Mizzy takes Kirsty Wark’s water during Andrew Tate debate
The BBC has defended its decision to broadcast a number of controversial interviews over the past two days, amid accusations that the output has been “Cringeworthy”, “humiliating” and undermined their Public Service Broadcaster remit.
Over the last two days, the BBC has covered the revelation that a Tory-hating Twitter account pretending to be an anonymous Tory MP is run by a Tory-hating pro-EU personal trainer; interviewed “thug” TikTok ‘prankster’ Mizzy; and platformed controversial influencer Andrew Tate.
Today, the Express revealed widespread condemnation of the BBC’s editorial decisions.
Senior Tory MP Simon Clarke said the broadcasts were “about as far from the Reithian ethos as it’s possible for the BBC to stray.”
Fellow Tory Andrea Jenkyns told the Express: “By affording a platform to attention-seeking Tory trolls, such as the Secret Tory Twitter parody account, the BBC inadvertently amplifies their views, casting a shadow on the integrity of their journalistic standards.”
Baroness Claire Fox said: Bad enough having Mizzy on Newsnight, he ran rings, mocking BBC News for inviting him on and accused the broadcaster of fuelling Andrew Tate’s fame by doing a long interview with him”.
“Mizzy and Tate may ‘do’ notoriety for clicks/fame; What’s the BBC’s excuse? Cringeworthy/humiliating.”
The Express can now reveal the BBC is refusing to shy away from its editorial choices.
It refused to directly answer criticism which has been levelled at them today, nor defend the specific output being condemned.
In a statement, a BBC spokesman told Express.co.uk: “The BBC has reported on a huge range of public interest stories over the past 24 hours – including the tragic deaths in Bournemouth, the rail strikes, the cost of living crisis and the upcoming Covid inquiry”.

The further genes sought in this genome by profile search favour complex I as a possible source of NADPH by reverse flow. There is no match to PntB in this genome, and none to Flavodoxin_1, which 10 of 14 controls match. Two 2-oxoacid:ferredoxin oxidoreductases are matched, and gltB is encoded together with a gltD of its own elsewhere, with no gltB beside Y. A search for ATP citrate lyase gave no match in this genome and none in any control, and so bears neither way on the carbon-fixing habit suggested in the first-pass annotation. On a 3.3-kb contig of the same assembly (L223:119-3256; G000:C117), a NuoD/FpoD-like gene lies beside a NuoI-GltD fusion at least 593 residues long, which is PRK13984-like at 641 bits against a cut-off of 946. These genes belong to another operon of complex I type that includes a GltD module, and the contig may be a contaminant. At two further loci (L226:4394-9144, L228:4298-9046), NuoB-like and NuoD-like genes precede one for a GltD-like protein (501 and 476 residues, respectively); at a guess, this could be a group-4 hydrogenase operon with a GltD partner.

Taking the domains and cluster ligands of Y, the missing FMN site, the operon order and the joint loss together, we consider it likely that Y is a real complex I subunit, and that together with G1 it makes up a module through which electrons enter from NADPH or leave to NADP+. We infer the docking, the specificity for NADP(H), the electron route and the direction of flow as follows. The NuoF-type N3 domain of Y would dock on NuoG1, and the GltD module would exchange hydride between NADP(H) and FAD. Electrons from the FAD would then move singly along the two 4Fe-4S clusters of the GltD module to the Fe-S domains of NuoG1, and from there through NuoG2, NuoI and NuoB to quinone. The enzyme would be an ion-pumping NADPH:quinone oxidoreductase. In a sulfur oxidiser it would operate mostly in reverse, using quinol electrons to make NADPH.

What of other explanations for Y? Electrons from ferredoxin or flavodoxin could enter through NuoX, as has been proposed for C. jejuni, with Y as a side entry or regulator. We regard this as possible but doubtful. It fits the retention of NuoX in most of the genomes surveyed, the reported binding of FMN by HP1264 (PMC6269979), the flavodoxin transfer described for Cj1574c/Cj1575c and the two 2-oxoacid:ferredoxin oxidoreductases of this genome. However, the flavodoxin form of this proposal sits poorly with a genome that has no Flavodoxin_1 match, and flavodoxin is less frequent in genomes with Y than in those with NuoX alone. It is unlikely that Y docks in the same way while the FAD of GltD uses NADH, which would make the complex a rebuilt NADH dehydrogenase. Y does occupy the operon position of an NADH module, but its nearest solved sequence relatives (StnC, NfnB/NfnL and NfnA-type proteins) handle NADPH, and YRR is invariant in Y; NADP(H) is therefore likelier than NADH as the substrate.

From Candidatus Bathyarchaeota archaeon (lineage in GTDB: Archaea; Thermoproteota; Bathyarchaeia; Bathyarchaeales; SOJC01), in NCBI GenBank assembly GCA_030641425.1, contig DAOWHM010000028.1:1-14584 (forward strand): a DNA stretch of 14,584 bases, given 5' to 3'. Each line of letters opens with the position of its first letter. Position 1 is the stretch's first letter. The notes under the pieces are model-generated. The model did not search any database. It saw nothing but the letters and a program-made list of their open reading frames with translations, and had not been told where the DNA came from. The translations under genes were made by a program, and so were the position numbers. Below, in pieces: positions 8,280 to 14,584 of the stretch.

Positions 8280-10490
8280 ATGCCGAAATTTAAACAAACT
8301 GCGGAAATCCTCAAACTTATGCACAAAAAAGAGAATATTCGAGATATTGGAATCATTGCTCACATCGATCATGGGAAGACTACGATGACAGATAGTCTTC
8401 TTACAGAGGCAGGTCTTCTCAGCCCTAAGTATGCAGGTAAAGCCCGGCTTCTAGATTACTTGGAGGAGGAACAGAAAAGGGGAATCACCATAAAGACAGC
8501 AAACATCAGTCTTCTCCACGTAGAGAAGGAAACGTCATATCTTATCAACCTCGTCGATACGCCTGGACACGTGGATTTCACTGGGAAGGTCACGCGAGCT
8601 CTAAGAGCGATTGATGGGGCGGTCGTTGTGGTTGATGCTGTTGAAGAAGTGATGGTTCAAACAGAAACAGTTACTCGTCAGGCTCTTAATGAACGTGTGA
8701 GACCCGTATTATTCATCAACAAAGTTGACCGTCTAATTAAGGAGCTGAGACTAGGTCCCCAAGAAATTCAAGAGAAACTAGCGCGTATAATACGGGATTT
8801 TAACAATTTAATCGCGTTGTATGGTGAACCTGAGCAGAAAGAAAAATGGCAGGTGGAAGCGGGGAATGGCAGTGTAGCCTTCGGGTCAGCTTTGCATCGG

Former Downing Street Chief of Staff Nick Timothy, who advised Theresa May at the Home Office, slammed the interview with TikTok prankster Mizzy, who is currently on bail after recording yet more videos, in a breach of his court order.
“He is a thug and a criminal who terrorises his neighbourhood, so why exactly is the BBC treating him like a sage or spokesman?”
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Yesterday was the 77th anniversary of the BBC introducing the licence fee – an effective tax on anyone who watches live broadcast TV.
MPs used the milestone to call on the telly tax to be scrapped, in a new era of multi-channel broadcasting an on-demand subscription services like Netflix.
Tory MP and GB News presenter Philip Davies told the Express the BBC licence is “completely anachronistic” and has “no place” in a modern society when there is so much choice for viewers and listeners.
He said: “It cannot be right that people are forced to pay for the BBC whether they want to watch and listen to it or not, just as it would be unacceptable to force people through the criminal law to buy a Sky subscription against their wishes.
“It is time for the licence fee to come to an end.”
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